Update on Ontario Government Wage Restraint Initiatives
Date: November 8, 2019
Bill 124 is now law.
This week saw the Ontario government move forward with wage restraint initiatives that will impact a significant number of employers in the broader public sector. These initiatives included the passage of Bill 124, Protecting a Sustainable Public Sector for Future Generations Act, 2019 (Bill or Act), and a further update out of the Fall Economic Statement on plans for a new compensation framework for designated executives.
The Act provides for a three-year window of salary moderation and compensation restraint measures for non-union and unionized employees employed by the Ontario government, Crown agencies, the broader public sector and a range of organizations that receive funding from the Ontario government.
In our FTR Now of June 6, 2019, Ontario Proposes Significant Changes to Wage Restraint and Collective Bargaining in the Public Sector, we reviewed the Bill in detail.
In this FTR Now, we look at the amendments made to the Bill and their impact on collective bargaining and non-union wage review activities that may have occurred since the Bill was first tabled. We also discuss the government’s recently announced plan regarding “designated executives” under the Broader Public Sector Executive Compensation Act, 2014 (BPSECA).
Scope of the Act
As we previously reported, the Act applies to a large portion of the public sector, including not-for-profit organizations that received more than $1,000,000 in government funding in 2018. However, the Act specifically excludes the following employers:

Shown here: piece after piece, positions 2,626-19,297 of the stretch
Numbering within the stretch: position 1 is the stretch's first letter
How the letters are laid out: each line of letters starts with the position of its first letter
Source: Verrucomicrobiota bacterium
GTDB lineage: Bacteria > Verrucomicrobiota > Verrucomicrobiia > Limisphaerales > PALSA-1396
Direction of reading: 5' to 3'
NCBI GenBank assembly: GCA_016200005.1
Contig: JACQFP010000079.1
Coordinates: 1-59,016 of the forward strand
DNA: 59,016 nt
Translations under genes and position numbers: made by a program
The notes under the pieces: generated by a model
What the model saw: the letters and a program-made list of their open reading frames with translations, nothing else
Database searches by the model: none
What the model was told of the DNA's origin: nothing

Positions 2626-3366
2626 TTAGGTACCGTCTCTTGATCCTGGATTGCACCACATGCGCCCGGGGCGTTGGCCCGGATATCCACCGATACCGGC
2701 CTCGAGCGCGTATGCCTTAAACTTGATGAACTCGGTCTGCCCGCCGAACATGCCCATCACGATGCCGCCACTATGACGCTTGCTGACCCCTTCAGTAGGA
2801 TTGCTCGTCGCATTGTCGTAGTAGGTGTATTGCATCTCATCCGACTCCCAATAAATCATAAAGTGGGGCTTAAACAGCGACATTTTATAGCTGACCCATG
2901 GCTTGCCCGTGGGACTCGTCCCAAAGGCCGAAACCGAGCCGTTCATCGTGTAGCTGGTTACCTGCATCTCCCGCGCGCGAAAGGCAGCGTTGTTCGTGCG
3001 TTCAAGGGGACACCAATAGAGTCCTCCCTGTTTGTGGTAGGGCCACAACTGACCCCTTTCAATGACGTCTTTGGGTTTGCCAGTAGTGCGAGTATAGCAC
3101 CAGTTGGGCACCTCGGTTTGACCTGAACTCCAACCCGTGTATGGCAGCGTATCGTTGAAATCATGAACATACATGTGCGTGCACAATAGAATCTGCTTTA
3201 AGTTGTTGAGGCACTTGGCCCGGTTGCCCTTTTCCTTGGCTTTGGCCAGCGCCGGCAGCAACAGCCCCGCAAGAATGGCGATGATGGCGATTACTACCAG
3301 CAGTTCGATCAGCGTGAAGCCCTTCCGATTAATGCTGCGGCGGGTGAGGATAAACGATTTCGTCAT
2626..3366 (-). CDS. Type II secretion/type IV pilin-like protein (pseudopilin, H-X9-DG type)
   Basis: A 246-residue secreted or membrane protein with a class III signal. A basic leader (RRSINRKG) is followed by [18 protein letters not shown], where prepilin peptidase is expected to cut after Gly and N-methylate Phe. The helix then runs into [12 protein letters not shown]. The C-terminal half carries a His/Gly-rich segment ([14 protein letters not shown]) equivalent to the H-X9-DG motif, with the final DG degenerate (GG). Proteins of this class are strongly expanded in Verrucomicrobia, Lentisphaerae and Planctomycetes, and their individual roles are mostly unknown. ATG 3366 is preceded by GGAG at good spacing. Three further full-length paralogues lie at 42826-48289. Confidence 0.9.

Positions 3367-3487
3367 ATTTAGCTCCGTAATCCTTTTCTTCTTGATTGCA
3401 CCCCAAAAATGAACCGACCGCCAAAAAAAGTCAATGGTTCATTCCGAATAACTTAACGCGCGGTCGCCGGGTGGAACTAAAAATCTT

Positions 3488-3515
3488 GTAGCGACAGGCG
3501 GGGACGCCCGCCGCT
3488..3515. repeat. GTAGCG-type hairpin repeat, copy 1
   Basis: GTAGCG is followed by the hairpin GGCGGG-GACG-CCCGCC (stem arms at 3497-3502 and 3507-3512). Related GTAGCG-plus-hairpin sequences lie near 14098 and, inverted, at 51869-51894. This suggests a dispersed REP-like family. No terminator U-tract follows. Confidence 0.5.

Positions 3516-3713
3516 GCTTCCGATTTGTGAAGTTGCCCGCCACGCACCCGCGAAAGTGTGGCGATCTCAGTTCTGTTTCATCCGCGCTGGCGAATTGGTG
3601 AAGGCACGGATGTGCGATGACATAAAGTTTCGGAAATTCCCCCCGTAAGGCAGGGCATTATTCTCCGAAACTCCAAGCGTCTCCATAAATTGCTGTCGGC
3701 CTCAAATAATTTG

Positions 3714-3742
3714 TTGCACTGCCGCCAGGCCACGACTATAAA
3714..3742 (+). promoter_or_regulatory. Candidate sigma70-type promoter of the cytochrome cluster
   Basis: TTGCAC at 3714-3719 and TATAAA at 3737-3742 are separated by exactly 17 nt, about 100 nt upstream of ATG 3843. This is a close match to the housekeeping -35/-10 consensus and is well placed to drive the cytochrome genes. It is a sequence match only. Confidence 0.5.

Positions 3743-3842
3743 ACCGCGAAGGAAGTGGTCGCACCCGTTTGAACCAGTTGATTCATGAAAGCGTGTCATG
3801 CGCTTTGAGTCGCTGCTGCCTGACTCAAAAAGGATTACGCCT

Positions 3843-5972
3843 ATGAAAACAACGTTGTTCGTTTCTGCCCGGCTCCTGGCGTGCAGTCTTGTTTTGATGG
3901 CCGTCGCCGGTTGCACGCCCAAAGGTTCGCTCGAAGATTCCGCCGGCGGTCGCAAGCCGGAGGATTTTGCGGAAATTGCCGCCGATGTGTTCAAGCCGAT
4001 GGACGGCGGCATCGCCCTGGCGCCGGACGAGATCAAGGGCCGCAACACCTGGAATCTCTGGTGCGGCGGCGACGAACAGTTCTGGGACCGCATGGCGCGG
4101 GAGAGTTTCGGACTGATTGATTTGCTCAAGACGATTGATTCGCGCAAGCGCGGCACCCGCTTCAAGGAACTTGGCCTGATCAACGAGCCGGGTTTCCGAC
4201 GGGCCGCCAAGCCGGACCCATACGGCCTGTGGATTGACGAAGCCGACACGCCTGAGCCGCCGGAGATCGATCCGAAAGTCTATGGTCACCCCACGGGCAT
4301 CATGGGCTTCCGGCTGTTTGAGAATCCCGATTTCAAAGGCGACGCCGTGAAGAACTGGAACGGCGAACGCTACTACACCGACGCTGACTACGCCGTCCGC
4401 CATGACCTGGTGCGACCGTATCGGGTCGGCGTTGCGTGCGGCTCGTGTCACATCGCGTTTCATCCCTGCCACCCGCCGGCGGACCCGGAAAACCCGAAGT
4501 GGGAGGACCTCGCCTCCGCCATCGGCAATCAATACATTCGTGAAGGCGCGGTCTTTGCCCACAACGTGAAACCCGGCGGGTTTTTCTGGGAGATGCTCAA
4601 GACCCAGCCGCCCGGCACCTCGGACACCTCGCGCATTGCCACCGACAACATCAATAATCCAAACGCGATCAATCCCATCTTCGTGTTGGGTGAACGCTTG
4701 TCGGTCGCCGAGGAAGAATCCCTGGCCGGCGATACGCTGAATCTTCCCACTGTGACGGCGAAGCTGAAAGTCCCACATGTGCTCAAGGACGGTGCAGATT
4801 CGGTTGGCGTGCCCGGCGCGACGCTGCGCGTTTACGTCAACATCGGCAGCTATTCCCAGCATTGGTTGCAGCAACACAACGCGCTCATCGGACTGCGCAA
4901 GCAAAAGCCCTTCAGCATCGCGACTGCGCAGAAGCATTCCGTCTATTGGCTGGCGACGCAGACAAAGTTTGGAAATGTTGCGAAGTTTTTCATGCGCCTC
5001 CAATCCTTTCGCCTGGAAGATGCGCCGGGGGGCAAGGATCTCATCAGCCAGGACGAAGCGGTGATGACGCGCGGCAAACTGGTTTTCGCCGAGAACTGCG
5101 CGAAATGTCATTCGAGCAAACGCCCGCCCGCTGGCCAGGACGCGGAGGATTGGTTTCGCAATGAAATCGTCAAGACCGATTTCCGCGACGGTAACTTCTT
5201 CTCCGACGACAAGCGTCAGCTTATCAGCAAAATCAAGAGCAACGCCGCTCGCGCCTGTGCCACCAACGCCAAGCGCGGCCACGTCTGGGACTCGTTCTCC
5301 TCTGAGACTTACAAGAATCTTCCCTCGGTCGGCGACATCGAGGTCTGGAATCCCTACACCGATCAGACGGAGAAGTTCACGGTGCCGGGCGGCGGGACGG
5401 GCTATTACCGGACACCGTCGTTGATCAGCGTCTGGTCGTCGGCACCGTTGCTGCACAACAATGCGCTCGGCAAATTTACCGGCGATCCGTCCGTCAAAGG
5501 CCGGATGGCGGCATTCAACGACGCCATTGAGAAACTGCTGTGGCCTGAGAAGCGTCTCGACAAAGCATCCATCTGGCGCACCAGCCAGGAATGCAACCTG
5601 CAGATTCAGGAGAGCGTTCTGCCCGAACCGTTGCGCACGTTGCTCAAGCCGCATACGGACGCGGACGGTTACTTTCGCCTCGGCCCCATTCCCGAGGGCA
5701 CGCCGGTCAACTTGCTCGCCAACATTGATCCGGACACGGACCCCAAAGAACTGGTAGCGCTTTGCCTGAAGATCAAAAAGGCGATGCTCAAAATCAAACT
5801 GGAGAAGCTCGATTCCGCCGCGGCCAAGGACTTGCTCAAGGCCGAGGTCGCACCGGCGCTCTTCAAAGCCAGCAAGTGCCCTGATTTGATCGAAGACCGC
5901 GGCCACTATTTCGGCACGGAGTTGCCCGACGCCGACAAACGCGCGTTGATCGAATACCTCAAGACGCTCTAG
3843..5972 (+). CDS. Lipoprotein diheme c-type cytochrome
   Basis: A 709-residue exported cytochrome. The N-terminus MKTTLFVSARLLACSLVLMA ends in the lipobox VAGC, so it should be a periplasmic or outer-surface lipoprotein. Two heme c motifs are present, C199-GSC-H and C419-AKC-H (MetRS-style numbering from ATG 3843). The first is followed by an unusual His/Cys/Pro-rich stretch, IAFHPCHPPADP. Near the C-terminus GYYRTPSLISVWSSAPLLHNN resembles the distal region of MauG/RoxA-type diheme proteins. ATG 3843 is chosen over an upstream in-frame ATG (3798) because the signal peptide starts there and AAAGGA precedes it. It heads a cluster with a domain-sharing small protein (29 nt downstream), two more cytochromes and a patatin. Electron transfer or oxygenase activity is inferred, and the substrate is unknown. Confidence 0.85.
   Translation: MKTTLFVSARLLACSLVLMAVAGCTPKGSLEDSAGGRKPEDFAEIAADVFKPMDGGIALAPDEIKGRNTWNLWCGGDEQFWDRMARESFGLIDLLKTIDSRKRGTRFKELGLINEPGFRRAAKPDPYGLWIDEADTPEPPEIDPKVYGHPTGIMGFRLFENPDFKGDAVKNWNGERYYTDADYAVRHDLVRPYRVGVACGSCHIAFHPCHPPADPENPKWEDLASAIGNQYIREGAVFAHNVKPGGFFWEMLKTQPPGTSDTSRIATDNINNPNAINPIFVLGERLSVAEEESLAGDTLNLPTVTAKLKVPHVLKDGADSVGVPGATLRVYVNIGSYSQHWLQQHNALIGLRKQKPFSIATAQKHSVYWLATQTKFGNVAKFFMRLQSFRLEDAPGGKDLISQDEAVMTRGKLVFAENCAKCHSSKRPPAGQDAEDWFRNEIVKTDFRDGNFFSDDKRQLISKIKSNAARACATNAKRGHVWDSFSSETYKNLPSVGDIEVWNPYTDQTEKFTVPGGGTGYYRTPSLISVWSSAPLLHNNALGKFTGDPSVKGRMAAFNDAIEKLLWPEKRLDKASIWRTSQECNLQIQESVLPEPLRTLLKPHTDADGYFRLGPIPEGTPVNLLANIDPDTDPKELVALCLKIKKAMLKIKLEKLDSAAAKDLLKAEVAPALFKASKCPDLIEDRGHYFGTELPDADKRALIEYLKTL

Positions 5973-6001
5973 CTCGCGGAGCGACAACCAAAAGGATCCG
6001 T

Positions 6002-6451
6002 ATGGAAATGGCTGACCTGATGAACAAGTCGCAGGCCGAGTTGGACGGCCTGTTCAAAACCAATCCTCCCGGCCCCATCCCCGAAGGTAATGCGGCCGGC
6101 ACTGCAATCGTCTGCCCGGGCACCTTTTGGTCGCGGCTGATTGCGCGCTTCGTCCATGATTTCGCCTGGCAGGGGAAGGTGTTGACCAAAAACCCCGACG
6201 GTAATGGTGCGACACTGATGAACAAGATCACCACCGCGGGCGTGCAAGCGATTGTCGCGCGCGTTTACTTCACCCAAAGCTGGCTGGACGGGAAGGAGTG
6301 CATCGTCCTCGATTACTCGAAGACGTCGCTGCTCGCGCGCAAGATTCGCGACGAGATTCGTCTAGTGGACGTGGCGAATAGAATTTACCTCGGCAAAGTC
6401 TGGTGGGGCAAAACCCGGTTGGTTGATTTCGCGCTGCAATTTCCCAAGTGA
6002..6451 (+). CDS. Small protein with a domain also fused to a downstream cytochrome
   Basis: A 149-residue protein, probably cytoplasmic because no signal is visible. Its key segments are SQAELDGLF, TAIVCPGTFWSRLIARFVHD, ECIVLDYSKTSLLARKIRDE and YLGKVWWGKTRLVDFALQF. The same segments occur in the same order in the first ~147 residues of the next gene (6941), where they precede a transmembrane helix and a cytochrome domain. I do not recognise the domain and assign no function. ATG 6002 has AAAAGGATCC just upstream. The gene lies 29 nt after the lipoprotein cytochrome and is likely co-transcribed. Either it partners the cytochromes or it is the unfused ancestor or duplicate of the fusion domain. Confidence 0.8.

- local boards established under the Municipal Act, 2001
- authorities, boards, commissions, corporations, offices or organizations of persons, a majority of whose members, directors or officers are appointed or chosen by or under the authority of the council of a municipality
- organizations that undertake their activities for the purpose of profit to their shareholders (subject to any regulations providing otherwise).
Through recent amendments at Committee, these exclusions have been extended to also include:
- local boards under the City of Toronto Act, 2006
- Indigenous communities
- authorities, boards, commissions, corporations, offices or organizations of persons, including a council of the band within the meaning of the Indian Act (Canada), a majority of whose members, directors or officers are appointed or chosen by or under the authority of one or more Indigenous communities